Join the debate ...

To comment on a home page post, click on the "# comments" link at the end of each post. To comment on any other page just scroll to the bottom of the screen and type in the comments box.

Saturday, 9 April 2011

I make a commitment to fight this unjust ban.

December 2010: By now, I am getting particularly mad. Not crazy mad, but angry mad.

Sure, this isn't the most important issue in mental health; but it’s a symbol of the larger issues. These bans represent a lack of respect for people in vulnerable and difficult circumstances. For all the talk about consumer participation, I am seeing a complete disregard for our needs and opinions.

As though involuntary treatments of medications, ECT (shock treatments), being locked in seclusion or restraints are not enough of an insult to our dignity and rights, we are now deprived of the simple act of smoking a cigarette. And worse, this happens when we are at our most distressed.

These bans are cruel, inappropriate and discriminatory – and they don’t help anyone. Other people in Australia are entitled to quit smoking on their own terms. Even the two other groups in society who, like us, are deprived of liberty – prisoners and refugees in detention centres – are allowed to smoke. So why are mental health patients singled out in this way?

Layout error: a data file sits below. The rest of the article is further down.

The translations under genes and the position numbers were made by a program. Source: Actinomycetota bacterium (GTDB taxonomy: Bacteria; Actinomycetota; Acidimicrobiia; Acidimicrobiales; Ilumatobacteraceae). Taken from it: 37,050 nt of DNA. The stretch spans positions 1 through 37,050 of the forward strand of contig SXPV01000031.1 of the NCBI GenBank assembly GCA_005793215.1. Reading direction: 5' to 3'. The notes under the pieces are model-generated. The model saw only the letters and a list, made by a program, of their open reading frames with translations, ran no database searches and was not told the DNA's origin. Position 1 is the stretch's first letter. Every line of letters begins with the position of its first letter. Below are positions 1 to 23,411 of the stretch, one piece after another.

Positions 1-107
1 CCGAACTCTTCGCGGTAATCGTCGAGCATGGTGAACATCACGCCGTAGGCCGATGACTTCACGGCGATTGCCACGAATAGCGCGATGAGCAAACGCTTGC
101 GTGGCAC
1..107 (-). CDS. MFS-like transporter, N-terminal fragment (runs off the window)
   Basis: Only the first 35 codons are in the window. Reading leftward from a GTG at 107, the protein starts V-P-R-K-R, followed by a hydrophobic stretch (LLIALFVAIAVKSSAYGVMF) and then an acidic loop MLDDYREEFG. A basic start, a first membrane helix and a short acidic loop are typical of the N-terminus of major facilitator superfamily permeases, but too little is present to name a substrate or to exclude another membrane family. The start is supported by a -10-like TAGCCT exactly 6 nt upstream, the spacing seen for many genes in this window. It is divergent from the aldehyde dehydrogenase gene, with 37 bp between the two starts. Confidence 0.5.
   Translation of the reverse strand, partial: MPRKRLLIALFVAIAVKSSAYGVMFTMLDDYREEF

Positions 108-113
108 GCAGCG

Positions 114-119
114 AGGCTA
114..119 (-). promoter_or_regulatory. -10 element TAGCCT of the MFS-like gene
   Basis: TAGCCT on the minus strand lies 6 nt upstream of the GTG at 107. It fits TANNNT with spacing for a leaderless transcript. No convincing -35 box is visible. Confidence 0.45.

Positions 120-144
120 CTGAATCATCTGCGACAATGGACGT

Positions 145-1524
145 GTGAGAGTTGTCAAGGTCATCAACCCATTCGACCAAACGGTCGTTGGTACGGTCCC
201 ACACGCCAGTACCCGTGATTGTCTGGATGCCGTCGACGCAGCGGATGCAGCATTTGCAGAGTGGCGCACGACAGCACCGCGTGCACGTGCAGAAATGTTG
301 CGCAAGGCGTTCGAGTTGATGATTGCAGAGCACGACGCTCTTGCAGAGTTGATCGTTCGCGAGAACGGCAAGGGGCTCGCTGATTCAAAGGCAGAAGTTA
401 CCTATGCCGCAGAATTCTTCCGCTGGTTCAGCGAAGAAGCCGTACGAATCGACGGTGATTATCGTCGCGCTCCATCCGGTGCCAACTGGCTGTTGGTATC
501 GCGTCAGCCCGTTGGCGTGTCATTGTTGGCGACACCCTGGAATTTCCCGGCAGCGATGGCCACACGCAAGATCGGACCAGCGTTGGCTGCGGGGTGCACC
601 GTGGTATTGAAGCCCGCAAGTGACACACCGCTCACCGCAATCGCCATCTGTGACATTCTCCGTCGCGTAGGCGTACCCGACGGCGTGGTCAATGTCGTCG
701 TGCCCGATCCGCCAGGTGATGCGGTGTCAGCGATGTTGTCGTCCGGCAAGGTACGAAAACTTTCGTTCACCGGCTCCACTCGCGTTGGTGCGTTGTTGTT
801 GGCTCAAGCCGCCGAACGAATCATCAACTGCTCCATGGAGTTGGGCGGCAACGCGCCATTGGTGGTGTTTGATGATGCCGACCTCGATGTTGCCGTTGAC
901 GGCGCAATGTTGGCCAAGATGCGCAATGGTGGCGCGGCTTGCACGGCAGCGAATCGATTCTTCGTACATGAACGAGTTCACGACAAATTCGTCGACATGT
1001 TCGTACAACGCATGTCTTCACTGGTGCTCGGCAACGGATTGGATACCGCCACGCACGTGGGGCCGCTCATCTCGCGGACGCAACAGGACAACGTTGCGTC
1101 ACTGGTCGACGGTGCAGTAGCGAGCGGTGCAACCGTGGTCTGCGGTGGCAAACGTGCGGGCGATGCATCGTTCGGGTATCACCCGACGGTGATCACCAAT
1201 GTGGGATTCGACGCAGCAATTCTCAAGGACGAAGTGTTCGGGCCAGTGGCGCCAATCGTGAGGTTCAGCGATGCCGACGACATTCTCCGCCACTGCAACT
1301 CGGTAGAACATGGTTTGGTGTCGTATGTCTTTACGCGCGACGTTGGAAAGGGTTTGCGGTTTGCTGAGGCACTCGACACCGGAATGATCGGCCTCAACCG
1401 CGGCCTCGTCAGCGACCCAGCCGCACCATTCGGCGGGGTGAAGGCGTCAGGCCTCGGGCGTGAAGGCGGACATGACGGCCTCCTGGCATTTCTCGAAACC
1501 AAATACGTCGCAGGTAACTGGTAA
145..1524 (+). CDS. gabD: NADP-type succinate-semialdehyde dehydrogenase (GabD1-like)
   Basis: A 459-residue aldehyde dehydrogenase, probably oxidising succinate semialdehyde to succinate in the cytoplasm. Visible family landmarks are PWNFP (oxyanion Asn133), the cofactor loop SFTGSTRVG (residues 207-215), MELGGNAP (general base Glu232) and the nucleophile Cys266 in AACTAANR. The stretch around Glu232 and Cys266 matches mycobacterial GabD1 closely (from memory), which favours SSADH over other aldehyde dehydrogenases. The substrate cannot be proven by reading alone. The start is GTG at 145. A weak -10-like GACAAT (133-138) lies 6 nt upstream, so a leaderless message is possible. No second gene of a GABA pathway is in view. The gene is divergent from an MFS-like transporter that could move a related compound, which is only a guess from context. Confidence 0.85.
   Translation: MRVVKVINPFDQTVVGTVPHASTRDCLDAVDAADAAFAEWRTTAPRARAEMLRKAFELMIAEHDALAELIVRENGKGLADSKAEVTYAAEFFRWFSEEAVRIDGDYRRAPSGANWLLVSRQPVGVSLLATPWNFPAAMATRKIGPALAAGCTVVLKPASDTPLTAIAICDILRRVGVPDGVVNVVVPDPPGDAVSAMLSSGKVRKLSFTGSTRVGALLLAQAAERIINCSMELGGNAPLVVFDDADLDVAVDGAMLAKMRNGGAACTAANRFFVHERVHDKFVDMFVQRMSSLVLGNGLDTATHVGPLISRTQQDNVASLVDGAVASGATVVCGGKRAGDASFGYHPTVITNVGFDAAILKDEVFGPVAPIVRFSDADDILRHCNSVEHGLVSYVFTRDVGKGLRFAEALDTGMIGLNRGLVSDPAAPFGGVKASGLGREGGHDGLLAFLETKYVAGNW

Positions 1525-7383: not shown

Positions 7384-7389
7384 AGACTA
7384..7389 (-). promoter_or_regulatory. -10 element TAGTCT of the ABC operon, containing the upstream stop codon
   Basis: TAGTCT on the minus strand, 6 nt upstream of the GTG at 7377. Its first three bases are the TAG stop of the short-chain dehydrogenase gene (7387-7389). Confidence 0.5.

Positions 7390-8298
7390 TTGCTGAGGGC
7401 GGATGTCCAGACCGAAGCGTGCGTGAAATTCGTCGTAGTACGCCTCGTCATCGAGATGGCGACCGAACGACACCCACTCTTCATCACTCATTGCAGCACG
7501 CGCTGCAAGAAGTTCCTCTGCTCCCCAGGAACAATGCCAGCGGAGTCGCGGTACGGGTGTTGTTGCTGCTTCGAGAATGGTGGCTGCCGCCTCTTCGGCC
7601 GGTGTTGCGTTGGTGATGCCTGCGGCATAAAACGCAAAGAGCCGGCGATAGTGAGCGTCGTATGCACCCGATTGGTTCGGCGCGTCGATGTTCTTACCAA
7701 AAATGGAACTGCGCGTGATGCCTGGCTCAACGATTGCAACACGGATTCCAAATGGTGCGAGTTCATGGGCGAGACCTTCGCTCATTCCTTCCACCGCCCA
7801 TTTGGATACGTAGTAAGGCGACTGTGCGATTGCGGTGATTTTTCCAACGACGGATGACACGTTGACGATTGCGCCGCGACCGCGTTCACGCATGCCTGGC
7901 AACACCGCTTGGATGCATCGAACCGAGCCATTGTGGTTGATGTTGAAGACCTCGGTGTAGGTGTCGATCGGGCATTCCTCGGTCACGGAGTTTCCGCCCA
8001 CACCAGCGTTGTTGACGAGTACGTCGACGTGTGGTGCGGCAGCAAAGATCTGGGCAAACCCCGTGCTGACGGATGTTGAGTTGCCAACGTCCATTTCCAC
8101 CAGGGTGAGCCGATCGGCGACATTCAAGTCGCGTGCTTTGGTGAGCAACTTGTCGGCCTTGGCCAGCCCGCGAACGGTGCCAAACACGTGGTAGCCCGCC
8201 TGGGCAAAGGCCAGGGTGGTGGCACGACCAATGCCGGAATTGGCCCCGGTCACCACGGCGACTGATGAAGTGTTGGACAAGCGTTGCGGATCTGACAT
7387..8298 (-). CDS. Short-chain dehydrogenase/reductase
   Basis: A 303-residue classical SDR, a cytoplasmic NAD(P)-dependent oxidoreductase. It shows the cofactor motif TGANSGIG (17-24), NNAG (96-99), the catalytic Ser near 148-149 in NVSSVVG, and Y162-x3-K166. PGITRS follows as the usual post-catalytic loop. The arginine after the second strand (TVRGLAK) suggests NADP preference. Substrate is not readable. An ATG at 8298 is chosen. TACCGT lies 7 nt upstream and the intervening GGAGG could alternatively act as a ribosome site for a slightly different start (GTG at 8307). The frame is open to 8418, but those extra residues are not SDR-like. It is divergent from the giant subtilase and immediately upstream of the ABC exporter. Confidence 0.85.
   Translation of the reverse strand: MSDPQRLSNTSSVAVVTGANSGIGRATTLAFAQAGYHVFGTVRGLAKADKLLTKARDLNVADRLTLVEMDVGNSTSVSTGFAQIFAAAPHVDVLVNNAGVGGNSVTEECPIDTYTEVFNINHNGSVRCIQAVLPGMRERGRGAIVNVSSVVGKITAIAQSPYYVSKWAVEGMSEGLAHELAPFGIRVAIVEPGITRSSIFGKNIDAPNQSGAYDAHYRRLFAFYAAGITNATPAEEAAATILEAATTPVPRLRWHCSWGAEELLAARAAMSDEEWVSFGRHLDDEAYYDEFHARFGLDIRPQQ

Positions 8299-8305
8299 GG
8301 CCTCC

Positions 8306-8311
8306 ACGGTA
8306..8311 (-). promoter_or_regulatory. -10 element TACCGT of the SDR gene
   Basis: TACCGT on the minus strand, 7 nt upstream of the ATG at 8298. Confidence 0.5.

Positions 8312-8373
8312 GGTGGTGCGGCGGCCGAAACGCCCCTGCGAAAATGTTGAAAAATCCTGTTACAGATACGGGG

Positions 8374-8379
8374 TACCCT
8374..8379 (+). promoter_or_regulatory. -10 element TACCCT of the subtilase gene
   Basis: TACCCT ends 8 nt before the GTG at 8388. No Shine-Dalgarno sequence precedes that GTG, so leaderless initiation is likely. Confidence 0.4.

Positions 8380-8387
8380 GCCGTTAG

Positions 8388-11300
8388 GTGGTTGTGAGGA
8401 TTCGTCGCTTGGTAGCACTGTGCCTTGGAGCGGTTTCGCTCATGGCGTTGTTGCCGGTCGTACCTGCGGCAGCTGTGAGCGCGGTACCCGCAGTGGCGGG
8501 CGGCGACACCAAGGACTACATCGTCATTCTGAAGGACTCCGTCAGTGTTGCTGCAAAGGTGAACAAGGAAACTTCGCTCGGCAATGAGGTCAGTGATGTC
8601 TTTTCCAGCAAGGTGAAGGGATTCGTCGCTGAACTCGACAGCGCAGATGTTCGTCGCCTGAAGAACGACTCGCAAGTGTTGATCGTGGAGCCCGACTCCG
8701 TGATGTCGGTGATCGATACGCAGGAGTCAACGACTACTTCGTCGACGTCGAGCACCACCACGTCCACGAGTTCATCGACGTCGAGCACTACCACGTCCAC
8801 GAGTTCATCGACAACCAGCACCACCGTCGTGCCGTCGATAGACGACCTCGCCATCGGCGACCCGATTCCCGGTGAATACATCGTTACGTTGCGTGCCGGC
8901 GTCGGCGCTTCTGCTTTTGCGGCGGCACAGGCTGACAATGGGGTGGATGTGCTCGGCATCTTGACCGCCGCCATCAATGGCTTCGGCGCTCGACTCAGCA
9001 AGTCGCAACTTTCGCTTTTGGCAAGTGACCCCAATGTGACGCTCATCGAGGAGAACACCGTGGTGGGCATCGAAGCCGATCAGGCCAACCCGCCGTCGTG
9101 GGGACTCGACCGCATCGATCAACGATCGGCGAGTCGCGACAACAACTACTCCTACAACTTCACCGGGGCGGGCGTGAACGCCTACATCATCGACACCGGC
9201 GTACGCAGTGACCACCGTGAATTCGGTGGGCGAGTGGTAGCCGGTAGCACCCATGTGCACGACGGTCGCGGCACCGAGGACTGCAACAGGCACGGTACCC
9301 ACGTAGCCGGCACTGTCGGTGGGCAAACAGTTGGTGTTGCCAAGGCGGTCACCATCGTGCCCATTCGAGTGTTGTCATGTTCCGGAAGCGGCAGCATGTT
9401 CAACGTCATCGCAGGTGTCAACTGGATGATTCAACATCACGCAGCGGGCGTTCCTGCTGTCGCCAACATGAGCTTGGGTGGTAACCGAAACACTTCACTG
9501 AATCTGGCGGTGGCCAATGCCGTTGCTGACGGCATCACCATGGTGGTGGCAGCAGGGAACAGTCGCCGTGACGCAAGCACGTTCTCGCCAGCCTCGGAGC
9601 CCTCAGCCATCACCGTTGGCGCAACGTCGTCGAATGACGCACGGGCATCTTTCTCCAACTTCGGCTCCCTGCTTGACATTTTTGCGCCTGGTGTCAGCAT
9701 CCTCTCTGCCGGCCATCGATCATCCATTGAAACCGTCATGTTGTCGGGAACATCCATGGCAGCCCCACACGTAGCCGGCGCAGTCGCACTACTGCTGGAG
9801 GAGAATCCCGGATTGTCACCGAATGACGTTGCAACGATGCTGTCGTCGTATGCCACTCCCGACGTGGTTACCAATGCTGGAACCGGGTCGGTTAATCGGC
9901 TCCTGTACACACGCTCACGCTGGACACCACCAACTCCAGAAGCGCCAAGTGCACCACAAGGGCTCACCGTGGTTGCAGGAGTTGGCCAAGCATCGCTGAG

Sure, quitting is a great idea. But enforced quitting in the midst of an acute psychiatric breakdown is ludicrous.

At this point I decided that I was utterly committed to fight this ban to the bitter end. So I asked VEOHRC to refer my complaint to the Victorian Civil Administrative Tribunal (VCAT) on my request, to be heard as an anti-discrimination case.

1 comment:

  1. I love this website. There is so much information on this page and you can learn so much just from reading the comments